I started out on my own. I taught myself how to DJ and make beats, but I had some studio internships that helped me out. The main internship was at Vance Wright's studio back in 1994. Vance was Slick Rick's DJ and I worked at his studio in high school. I was already making beats when I got there, but Vance schooled me on audio engineering and he and a producer named Mark Spark- Mark did stuff for Grand Puba & Nice and Smooth- helped me polish my craft. They taught me how to program drums, filter sounds, etc. I was pretty much self taught, but Vance and Mark gave me a lot of tips when I was starting out.

OK, here's a challenge for you, if you had to sum up your life story in one picture what would it be of or what would it look like? Give us a quick rundown…

I was always the underdog. I was always slept on in everything I did and had to work hard to get mine, so I guess some midget dunking a basketball might be a good picture!

In your music you talk quite frequently about your exploits with women, have you found the woman of your dreams yet? Dare I say it, have you met THE ONE?!

Hell no! I was out with some rathead bitch last night and I ditched her at a bar when she went to the bathroom. Her breath was stinking like a muthafucka man! That ratchet mouth tramp. I probably could have took her home if I tried, but I just wanted to get the fuck out of there so I could go home and go to sleep. Sometimes I wonder if I'll find Mrs.Zone, but then I don't sweat it because experiences like last night give me more material to put in my new songs. And a girlfriend will keep you broke, which ain't to my liking.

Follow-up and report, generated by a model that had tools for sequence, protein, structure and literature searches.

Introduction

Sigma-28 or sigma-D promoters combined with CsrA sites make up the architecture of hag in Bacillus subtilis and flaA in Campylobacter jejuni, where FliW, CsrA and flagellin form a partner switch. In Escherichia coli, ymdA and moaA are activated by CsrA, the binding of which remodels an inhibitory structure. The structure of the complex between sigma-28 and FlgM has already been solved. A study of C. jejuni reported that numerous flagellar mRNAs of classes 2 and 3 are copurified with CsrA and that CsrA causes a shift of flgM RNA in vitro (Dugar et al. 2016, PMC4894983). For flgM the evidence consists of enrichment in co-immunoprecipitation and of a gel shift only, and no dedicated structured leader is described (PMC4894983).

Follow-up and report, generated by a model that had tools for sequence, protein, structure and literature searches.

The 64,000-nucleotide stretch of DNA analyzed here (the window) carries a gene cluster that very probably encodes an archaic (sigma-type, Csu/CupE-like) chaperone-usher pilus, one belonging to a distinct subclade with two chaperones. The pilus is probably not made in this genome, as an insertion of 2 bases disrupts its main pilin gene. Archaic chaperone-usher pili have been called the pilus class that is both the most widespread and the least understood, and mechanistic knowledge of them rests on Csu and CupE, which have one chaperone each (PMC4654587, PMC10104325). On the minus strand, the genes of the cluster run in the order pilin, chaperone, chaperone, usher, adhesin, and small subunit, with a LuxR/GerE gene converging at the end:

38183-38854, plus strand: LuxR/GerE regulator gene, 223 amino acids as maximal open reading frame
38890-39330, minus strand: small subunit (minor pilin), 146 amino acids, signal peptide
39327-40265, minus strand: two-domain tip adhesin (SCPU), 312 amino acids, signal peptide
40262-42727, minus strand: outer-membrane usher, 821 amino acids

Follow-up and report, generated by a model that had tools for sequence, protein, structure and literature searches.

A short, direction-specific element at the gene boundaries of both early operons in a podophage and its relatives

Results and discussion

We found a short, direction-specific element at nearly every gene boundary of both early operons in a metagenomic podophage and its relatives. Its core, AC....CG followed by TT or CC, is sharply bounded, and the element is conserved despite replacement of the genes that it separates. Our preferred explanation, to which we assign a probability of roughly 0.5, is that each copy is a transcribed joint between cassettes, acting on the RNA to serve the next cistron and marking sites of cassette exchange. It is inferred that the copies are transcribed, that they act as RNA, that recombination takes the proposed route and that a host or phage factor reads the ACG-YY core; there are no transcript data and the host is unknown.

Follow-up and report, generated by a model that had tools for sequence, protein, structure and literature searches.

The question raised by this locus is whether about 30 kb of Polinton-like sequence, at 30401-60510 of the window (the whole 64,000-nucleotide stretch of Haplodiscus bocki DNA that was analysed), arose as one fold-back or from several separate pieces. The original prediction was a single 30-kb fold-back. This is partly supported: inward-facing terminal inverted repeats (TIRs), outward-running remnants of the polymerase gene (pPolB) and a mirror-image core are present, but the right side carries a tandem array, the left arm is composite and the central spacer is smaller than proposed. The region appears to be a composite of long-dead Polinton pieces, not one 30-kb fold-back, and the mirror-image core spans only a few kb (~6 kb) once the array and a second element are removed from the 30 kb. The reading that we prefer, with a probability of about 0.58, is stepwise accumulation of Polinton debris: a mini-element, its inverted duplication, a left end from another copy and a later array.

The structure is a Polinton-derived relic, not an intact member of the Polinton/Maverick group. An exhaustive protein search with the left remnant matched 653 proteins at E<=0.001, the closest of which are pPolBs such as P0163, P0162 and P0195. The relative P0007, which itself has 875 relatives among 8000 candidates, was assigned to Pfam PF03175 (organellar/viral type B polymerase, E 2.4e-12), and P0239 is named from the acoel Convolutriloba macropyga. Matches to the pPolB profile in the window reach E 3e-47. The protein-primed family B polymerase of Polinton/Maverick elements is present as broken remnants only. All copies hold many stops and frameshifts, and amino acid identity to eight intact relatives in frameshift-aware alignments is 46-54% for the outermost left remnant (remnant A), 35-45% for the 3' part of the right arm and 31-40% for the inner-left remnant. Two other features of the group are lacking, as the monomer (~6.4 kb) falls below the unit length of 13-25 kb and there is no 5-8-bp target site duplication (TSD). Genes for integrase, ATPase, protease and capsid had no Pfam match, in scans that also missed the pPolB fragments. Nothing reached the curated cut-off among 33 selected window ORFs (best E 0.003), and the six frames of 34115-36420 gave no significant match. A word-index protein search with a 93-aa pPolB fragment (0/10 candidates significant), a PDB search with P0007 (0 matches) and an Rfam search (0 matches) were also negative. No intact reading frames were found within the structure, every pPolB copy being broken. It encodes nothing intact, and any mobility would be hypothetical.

Haha! Moving on, when you set about working on a project do you start with an existing concept that you carry through right to the end or do you perhaps have a few ideas and develop them as you go along?

I'm real concept driven as a rapper, meaning most of my songs are some type of topic or story, but I've yet to make an album with one big theme. Like Price Paul's Prince Among Thieves or Masta Ace's Disposable Arts. That's hard to pull off. I've tried and couldn't do it effectively. I may have songs with different concepts, but a similar vibe for a whole album- which is how all my albums are- but doing a true concept album is something I always wanted to do. You can't force it. I usually just make songs and as I get further into the record, I come up with skits and ways to tie it together and make it all coherent. My vibe is comedy, so that's natural to me. But a real concept album is hard because it can be genius or real wack with the inclusion of one bad song or skit.

Which artists are you producing for at the minute?

Recently I've done beats for Biz Markie, Prince Po, J-Ro (of tha Liks), Akinyele, Casual, 7L & Esoteric, Cage & Tame One, Copywrite, Celph Titled, Louis Logic, GM Grimm and a few others that aren't complete yet.

And what's happening with the Old Maid Billionaires? Can we expect more on that front?